Gary Mar may be in the lead heading into the Saturday’s Alberta PC leadership vote, but some Central Albertans wonder why.
“Mar scares me. It’s the old boy’s club. He’s not going to change anything,” said Ponoka resident Dave Spink while shopping at the Ponoka Farmers’ Market on Wednesday.
Spink, who isn’t an Alberta Progressive Conservative member, would rather Doug Horner, Spruce Grove-Sturgeon-St. Alberta MLA and former deputy premier, or Alison Redford, Calgary-Elbow MLA and former justice minister, become leader.
“I do believe we’ve got to get some new blood or we’ll go downhill like the Liberals did in the federal election.”
Mar, who was a Calgary MLA for 14 years until appointed Alberta’s envoy in Washington in 2007, was the top favorite in rural ridings in Central Alberta and Red Deer in the first ballot, (Sept. 17) except for Innisfail-Sylvan Lake where he came in second behind Horner.
Redford came in second in Red Deer South and North. Horner came in second in Lacombe-Ponoka.
Mar took 41 per cent across Alberta in the first vote, followed by Redford with 19 per cent and Horner with 14.5 per cent.
Eric Ostergaard, a Ponoka grain farmer who has been a PC member, said Mar’s time has passed.
“He got big severance pay, a plum job on the taxpayers’ money,” said Ostergaard, referring to Mar’s MLA severance and Washington job.
He doesn’t want to keep feeding “an old horse, that goes to pasture, and comes back again.”
Ostergaard said Horner is a very nice, honest person like Premier Ed Stelmach.
“But if you want to be a leader of anything you have to take a stand, you cannot please everybody. Stelmach tried to please everyone.”
On Saturday, PC members will fill out first and second choices on their ballots.
If no one gets 50 per cent of the vote plus one, the third-place candidate will be eliminated and the second choices on ballots cast for third-place candidate will be added to the votes to determine a winner.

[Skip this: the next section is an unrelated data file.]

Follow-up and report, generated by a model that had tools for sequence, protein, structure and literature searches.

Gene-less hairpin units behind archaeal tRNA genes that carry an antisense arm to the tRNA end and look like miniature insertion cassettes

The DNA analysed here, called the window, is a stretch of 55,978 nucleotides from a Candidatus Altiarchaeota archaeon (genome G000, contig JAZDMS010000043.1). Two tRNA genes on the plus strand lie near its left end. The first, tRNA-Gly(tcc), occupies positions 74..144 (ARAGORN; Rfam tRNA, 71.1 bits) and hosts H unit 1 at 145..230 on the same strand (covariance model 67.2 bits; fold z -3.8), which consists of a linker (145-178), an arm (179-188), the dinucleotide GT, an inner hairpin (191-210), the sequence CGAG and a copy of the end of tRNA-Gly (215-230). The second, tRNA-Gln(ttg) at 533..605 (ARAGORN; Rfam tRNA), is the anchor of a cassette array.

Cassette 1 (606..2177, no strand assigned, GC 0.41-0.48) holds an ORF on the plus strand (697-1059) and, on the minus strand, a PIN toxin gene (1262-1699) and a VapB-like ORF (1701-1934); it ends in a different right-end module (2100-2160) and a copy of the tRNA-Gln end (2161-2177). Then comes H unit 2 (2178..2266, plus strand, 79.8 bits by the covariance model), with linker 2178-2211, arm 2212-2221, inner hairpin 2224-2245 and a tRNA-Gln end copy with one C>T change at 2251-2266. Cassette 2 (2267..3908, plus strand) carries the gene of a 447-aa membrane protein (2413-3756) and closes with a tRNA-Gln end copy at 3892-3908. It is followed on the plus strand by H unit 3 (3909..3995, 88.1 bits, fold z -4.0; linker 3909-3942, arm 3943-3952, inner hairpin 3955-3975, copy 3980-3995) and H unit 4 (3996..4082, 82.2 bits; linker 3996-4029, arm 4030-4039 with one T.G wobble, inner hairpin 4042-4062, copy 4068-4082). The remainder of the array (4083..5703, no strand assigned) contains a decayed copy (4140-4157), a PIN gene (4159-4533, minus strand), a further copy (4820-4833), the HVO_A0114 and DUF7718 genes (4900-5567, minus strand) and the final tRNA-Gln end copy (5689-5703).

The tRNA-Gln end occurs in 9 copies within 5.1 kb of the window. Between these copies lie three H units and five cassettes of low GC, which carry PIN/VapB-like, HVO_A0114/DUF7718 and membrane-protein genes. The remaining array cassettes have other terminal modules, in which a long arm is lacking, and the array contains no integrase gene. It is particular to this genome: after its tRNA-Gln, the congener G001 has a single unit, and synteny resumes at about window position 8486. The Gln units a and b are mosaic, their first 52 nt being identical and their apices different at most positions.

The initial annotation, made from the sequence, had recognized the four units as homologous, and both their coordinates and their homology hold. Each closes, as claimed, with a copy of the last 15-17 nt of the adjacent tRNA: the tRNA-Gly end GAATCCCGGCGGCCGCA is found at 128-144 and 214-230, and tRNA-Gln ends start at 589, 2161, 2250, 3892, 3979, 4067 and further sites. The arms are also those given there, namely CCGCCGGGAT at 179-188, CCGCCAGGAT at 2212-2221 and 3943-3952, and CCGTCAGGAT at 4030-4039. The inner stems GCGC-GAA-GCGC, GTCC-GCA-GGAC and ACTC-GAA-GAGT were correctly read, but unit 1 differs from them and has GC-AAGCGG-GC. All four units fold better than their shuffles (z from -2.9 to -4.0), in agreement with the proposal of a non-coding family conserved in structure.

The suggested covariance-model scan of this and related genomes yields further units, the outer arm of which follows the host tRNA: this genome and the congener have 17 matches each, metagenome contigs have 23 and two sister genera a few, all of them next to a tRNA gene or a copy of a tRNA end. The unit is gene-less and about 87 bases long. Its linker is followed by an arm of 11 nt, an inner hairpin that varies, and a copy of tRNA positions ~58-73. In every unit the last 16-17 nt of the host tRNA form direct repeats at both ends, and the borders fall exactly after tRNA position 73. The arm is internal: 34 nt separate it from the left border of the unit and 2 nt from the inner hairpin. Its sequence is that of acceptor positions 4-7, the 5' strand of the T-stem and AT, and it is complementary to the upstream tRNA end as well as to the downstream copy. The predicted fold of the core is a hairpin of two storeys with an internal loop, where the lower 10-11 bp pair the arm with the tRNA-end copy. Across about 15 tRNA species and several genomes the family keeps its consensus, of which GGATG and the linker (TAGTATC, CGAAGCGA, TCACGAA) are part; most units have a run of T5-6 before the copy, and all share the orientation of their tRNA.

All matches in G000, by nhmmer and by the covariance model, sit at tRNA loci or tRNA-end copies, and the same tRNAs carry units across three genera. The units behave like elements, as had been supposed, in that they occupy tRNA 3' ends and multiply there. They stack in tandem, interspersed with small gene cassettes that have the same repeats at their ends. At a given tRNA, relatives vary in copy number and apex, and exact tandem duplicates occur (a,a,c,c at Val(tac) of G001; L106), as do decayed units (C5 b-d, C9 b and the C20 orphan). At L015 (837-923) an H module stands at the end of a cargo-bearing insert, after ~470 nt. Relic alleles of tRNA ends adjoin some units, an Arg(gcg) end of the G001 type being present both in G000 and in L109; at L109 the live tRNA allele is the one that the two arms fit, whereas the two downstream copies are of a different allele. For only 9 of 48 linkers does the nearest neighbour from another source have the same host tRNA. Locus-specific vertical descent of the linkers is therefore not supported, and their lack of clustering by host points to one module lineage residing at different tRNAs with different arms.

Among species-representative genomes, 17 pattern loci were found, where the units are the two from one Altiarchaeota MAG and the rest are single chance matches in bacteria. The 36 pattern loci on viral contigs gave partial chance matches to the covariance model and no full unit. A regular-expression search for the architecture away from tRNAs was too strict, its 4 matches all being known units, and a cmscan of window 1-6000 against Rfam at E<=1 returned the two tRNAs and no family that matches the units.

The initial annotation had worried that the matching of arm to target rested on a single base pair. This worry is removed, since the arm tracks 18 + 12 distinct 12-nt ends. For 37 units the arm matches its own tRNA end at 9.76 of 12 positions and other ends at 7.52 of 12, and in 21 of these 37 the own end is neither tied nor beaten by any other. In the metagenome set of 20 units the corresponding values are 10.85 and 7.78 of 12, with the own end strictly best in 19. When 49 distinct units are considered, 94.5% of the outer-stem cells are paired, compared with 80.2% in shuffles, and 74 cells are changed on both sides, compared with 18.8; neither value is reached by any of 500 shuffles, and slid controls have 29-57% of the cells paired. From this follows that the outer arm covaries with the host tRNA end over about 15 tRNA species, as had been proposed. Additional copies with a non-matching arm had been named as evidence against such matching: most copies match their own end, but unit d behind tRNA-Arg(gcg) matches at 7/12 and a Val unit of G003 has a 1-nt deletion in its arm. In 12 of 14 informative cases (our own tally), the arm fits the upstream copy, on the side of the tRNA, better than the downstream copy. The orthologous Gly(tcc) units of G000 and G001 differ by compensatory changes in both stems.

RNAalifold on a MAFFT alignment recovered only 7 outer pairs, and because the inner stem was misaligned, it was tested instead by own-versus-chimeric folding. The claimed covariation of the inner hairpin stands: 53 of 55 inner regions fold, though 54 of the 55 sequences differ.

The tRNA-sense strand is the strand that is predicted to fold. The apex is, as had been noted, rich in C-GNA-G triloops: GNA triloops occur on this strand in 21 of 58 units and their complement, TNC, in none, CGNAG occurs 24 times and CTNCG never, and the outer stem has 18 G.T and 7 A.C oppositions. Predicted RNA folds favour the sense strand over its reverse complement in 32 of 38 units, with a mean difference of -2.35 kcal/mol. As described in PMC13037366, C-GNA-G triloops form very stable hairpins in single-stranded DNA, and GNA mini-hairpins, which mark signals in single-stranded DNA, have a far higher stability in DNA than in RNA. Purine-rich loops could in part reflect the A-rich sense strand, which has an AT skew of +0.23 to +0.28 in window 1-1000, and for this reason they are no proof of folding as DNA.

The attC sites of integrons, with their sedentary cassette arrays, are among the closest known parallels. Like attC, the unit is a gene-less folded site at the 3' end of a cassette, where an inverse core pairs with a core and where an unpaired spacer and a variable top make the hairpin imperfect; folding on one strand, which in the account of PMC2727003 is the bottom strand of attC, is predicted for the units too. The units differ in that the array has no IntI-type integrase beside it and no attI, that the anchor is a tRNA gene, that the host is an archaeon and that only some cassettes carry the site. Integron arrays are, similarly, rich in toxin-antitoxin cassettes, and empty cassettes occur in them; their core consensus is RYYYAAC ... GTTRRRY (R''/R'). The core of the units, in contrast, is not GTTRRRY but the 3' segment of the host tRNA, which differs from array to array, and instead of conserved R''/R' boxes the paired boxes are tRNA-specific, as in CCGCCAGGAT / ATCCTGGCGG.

Doug Lamoureux, who was taking a break in the cafeteria at Vold, Jones and Vold Auction Co. Ltd. in Ponoka, was surprised Mar leads the race.
Lamoureux said he will vote for Horner on Saturday.
He said it was good that media has reported on the leadership campaign to remind the public it was happening and he was glad interest was building.
“I will make sure I’m there on the final day,” said Lamoureux, of Red Deer.
David Baugh, political science instructor at Red Deer College, said it’s been a “lackluster race” so far.
“One thing to watch for is whether rural Alberta is losing control of the Conservative party if Mar takes it. That appears to be the case,” Baugh said.
Horner, the most rural candidate, looks too far behind for rural Alberta to make him premier, Baugh said.
“(Former Premier Ralph Klein) surged ahead on second ballot by really working hard selling memberships in rural Alberta. Stelmach did it too. Both of them got that kick on second ballot from rural Alberta.”
Baugh is also waiting to see what the voter turnout will be on Saturday.
Will the right wing of the party come out and vote when Mar is so far ahead? An “anemic” second ballot would be encouraging for Wildrose Party of Alberta, he said.
It’s expected that the Conservatives will call a fall election, riding on interest garnered during the leadership campaign, Baugh said.
Among Central Alberta MLAs, Mar has the support of Red Deer North MLA and Minister of Seniors and Community Supports Mary Anne Jablonski, Lacombe-Ponoka MLA Ray Prins, and retiring Olds-Didsbury MLA Richard Marz.
Innisfail-Sylvan Lake MLA and Minister of Transportation Luke Ouellette is campaigning for Horner.
As a member of the PC leadership election committee, Red Deer South MLA Cal Dallas could not declare support for a candidate.
Other MLAs could not be reached for comment.
— copyright Red Deer Advocate